RELATIVITY by M.C. Escher, 1953
In connection with his ideas and insights, I also remember a certain post by a British blogger and writer talking about his views and disagreement on the current preference in the publishing world: to stick to one genre if you're a beginner. They say that you're doomed if you don't stick to one since you can only be known in one genre. Only an established and popular writer may break that law if you're not a genius.
There's a grain of truth in that commandment especially for budding writers trying to make it in the commercial publishing today. This is probably the best and shortest path to success given the current demand for genre-specific reads (like YA and graphic novels). The message they give is Don't go any further if you haven't established your name yet. This is agreeable. JK Rowling's new adult book is out but it's perfectly okay, since she's already popular-- a household name. But sometimes, the only way to establish your name is to discover a genre or two that reflects your character as a creator.
I think this "genre confinement" for a newbie is basically an artistic restriction that limits the author himself, not resorting to experiments and not discovering new or less known methods by just sticking to the current strategy bounded by illusion of "commercial success." My take on this as a reader is simple. If you want to become a pro, you can start by being a good writer first. It's okay to experiment and skip genres like skipping stones in a pond. From variable perspective you will discover a lot of bad, but also something good and worthwhile.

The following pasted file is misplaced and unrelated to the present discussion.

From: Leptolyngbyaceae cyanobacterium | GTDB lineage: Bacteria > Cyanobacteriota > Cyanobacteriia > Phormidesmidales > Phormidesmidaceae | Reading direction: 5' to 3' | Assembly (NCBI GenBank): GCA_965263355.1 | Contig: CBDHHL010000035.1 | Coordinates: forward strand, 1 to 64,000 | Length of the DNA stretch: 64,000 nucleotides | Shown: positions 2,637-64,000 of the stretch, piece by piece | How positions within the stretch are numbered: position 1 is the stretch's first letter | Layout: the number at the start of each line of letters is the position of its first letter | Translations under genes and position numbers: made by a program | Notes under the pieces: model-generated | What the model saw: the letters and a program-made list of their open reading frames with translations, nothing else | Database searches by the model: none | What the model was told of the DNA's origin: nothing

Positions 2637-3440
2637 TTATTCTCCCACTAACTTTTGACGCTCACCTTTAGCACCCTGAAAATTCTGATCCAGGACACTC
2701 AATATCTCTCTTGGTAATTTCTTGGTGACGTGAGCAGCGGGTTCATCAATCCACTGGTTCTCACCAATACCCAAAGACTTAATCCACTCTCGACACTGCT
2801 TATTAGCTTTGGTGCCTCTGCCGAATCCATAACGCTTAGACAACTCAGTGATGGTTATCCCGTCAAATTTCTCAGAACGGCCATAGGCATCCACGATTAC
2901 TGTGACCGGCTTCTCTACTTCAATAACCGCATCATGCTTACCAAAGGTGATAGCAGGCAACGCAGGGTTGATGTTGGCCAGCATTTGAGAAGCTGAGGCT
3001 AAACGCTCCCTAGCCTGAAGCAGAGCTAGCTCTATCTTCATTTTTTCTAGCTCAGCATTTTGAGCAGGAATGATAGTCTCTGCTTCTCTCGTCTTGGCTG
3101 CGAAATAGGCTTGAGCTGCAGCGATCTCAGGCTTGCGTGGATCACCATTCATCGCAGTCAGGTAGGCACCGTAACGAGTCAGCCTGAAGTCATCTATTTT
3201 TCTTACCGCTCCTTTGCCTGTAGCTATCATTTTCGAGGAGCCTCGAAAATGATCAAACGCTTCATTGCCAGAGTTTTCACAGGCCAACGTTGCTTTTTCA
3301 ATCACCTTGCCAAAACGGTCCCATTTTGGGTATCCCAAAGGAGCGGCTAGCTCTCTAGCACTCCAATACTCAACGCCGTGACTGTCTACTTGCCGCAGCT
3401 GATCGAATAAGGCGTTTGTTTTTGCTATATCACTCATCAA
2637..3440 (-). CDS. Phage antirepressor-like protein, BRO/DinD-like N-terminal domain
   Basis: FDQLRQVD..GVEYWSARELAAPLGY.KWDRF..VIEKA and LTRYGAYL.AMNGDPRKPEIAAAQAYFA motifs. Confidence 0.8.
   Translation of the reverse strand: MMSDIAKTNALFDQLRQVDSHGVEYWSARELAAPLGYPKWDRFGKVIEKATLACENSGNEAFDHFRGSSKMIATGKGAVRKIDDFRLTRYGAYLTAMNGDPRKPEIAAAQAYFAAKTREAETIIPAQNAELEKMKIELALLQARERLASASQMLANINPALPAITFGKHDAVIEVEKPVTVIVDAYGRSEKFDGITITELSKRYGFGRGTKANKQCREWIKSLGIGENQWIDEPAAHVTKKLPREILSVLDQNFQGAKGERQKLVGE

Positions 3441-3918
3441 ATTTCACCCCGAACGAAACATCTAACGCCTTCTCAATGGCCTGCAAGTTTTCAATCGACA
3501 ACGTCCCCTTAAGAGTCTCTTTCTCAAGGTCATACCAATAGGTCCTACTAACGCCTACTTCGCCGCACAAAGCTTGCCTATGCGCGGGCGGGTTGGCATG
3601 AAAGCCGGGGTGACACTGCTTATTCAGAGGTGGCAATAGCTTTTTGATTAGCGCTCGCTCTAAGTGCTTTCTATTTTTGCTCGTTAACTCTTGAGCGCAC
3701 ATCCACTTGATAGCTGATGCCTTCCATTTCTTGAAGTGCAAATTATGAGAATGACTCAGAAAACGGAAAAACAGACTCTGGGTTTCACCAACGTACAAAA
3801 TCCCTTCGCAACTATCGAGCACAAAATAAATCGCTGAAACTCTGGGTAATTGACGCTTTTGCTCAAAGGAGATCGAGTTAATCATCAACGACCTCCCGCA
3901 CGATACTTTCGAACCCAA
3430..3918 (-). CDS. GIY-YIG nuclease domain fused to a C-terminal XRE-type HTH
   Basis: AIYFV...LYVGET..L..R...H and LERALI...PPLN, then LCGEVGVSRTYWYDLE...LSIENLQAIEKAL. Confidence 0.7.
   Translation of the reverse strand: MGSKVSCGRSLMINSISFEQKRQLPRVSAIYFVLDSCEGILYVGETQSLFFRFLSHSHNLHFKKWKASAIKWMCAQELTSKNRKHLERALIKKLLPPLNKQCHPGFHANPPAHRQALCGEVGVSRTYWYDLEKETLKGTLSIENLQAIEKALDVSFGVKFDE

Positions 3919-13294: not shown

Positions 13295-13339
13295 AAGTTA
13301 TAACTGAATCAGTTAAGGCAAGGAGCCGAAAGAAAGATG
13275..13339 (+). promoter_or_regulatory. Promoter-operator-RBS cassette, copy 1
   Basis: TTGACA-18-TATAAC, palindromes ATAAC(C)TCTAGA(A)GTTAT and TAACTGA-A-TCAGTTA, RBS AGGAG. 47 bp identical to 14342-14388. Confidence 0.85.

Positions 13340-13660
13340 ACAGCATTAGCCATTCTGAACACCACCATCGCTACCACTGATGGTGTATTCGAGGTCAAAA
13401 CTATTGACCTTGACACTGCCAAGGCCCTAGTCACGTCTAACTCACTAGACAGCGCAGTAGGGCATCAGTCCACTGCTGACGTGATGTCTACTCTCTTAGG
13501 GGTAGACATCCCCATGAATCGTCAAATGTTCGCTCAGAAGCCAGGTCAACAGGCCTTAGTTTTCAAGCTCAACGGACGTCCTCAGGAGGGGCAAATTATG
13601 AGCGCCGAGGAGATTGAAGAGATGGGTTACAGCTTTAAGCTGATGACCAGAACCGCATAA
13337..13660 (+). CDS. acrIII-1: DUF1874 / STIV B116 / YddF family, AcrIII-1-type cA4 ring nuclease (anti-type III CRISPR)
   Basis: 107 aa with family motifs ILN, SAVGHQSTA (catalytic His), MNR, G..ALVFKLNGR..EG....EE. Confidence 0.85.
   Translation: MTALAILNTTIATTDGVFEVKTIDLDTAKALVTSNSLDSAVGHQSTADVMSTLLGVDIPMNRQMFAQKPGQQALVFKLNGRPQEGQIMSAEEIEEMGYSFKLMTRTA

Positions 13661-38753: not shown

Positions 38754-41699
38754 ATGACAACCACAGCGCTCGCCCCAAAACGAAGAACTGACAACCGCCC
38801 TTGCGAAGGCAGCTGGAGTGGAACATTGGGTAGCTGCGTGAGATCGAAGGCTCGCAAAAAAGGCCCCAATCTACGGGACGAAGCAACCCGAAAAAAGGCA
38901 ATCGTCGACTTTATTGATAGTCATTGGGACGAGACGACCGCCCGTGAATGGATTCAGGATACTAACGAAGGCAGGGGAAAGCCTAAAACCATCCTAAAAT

In the past, authors like Thomas Hardy, Charles Dickens, and G.K. Chesterton became successful not because of their chosen genre. They were known because of their style of writing that became perfectly distinct from each other's style. They were not thinking of any massive, commercial, return on investment; only basic patronage from people of their communities who love to read. The basic readership by loyal and trusted fans, in short. There is no greater motivation than the possibility doing what you love and they succeeded for knowing it once in their lives.
Looking at the legion of modern writers the past two decades, how did Dan Simmons, Stephen King, and Neil Gaiman became popular and established authors while crossing genres? By becoming effective and believable storyteller, regardless of the genre.
Stephen King is loved by his fans (and loathed by his critics) as an horror author, but he is best when he wrote On Writing -a non fiction work that's becoming a reference for students of the art.
Dan Simmons' first novel Song of Kali won the World Fantasy Award for Best Novel in 1986. It was a magnificent modern horror novel. But when he published the sci fi Hyperion (the first in Quadrilogy) in 1989, nobody cried foul when he crossed over into the sci fi genre especially after winning both the Locus and Hugo Award for Best Novel the following year. These days, Simmons is writing in the genre of historical fiction and thrillers.
Neil Gaiman started writing late, but it was a good "late realization" for him. I don't have to discuss all his merits as a good writer, the success of Coraline and The Graveyard Book as children's literature and Sandman as adult fantasy and horror literature in the comic book form are enough.
This ruckus will never end between "writing as a profession" and "writing as a passion," as much as the classic debate between "commodity" and "art" that lies in the soul of writing. If you want to write for a living, you can learn a lot by skipping between genres and studying the differences. There are many paths to success as much as paths to failure. There are the hidden paths, some short ones, as well as the best one. The point here is, since there are many paths to success you can just follow the suggested ones, or you can make your own unique path towards it. The choice is in your hands.